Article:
The Welsh Government is due to vote on the Animal Welfare
(Breeding of Dogs) (Wales) Regulations 2014 later this year. The
Kennel Club believes they should be commended for being the first
administration to address the issues surrounding current
regulations relating to the breeding of dogs and intends to
continue working with the Welsh Government to give advice and
expertise in relation to the inspection of dog breeding
The Kennel Club is now independently accredited by the United
Kingdom Accreditation Service (UKAS) to inspect breeders as part of
the Assured Breeder Scheme and as such is strongly placed to assist
in the training of enforcers with regards to the inspection of
breeding premises under the proposed regulations, or in undertaking
inspections as a nominated inspector by a local authority as
permitted within the regulations themselves.
We have previously highlighted our concerns regarding the
additional work and responsibility placed on local authorities and
feel that our proposals could be a real lifeline to aid already
overstretched Welsh authorities.
The 1:20 Staff to Dog Ratio
Whilst the Kennel Club understands the concerns raised regarding
the Government's decision to introduce a minimum staff to dog ratio
of 1 full time attendant to 20 adult dogs, it believes this
underlines the need to ensure that those inspecting dog breeding
premises are adequately trained to assess the capabilities of those
individuals caring for the dogs.
The Welsh Government has given local authorities, and the
inspectors they appoint, full powers to reduce the ratio threshold
if they feel this is necessary, with 1 full time member of staff to
20 adult dogs being the absolute minimum ratio set within the
regulations. By assisting with inspections and the training of
enforcers, the Kennel Club hopes that rather than just being a
'box-ticking' exercise, inspectors will be able to make an informed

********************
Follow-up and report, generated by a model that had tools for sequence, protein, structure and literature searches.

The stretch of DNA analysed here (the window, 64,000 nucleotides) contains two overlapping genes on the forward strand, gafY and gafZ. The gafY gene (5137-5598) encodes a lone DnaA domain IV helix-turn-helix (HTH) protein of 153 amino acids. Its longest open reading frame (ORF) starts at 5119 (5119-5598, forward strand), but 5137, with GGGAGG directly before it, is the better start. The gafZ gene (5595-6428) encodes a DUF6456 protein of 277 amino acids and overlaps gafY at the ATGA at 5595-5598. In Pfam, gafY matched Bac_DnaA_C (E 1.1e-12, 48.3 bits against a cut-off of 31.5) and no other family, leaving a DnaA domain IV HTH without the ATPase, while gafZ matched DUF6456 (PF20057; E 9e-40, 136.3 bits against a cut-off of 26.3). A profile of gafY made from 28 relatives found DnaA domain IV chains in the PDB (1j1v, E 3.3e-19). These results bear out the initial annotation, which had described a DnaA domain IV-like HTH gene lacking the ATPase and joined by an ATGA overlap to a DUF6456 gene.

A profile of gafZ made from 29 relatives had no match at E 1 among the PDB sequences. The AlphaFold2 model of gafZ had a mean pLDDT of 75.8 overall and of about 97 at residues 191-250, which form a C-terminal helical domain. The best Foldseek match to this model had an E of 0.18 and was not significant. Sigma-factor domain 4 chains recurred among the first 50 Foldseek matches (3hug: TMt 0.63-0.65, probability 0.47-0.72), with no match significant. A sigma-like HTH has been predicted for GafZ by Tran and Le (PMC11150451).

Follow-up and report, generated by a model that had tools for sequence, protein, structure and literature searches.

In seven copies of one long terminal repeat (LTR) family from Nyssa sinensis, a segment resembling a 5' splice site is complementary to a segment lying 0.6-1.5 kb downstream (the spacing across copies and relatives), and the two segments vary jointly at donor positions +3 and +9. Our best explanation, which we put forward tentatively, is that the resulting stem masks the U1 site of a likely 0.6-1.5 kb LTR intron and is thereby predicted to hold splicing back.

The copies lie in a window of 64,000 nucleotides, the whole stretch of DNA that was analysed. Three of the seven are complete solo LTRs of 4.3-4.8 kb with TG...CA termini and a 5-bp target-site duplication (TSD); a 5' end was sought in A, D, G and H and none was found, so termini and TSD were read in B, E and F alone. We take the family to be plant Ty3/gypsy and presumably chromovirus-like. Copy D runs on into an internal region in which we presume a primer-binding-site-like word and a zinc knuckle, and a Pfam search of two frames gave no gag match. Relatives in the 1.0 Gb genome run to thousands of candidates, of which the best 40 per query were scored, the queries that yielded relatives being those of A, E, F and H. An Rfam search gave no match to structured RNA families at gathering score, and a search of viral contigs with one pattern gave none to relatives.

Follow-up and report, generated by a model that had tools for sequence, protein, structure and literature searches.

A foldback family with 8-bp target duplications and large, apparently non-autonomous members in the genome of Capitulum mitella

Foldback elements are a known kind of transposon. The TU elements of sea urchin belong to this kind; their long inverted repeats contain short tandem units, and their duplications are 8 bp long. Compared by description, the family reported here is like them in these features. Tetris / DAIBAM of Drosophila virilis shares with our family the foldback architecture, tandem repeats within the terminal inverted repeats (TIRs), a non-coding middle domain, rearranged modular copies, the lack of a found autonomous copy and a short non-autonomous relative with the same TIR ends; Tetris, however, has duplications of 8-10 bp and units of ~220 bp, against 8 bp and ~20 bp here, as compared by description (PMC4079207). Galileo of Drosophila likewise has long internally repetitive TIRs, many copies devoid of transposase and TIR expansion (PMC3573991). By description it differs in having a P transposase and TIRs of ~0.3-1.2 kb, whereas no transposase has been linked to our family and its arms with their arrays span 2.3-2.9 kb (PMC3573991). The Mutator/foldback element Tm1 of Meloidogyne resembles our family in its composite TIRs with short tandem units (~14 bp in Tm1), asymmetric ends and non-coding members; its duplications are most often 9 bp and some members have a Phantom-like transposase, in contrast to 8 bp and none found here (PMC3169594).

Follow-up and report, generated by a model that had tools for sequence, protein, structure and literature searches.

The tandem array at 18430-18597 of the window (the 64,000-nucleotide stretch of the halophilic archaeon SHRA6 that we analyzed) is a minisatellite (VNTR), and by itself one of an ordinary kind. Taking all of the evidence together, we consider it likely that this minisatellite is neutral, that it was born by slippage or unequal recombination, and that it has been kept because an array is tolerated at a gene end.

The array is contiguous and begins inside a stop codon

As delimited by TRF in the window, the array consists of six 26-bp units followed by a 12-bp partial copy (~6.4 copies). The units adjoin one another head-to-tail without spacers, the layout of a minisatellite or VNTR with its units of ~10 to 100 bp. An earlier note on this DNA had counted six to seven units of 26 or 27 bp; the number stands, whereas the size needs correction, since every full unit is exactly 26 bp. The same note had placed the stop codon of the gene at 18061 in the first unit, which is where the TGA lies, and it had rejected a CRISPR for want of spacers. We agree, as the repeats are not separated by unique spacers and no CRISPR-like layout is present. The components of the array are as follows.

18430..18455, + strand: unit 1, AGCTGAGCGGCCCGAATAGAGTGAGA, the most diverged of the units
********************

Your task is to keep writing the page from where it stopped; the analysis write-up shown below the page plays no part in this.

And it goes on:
judgement as to whether individuals at different breeding premises
have the skills and competence to handle varying numbers of dogs
and litters of pups.
Funding and Resource Issues
As the Kennel Club has highlighted in the past, with limitations
on local authority resources and funding, it is difficult to
propose stronger and more prescriptive requirements for licensing
dog breeding and expect effective enforcement, when even current
requirements cannot be fulfilled by local authorities.
The Kennel Club is therefore piloting in Wales a system under
which its Assured Breeder Scheme will help to train local authority
inspectors, or Kennel Club trained assessors will undertake
inspections on behalf of local authorities, following the licensing
criteria and guidelines. This is currently the case with vets
occasionally undertaking inspections on behalf of the local
authority and this is permitted within the regulations ("inspector
- means any person who has written authority from a local authority
to act in matters arising under or in relation to the Act or these
The Kennel Club believes it is well placed to undertake such
inspections since they are part of our regular operations and are
where our expertise lies. Kennel Club assessors have to comply with
standards agreed by UKAS and undergo ongoing training.
A number of Assembly Members have written to their local
councils highlighting the Kennel Club's offer to help. As a result
the Kennel Club has received an extremely positive response and we
are in the process of developing a training programme to bring
local authorities up to speed in terms of enforcement and best
practice in inspections. This will help to ensure the best possible
enforcement and implementation of the regulations for the benefit
of dog welfare.
What Can You Do?
Regardless of whether you live in Wales, make sure your local
authority is aware of any unscrupulous breeders operating in your
area who you may have concerns about. Breeding establishments
producing 5 or more litters require a licence and must adhere to
specific requirements in regards to welfare under the Breeding and
Sale of Dogs Act and the Animal Welfare Act.
Most importantly, if you visit one of these sites with the
intention of purchasing a puppy and have concerns - WALK AWAY!
Although you may feel sorry for the dogs and want to rescue them
from the conditions they are living in, continuing to finance the
breeders only prolongs the problem as it proves the demand, no
matter what the motive.
For more information on the do's and don'ts of buying a puppy
and more information on puppy farming go to the Kennel Club's Puppy
Awareness Week webpage: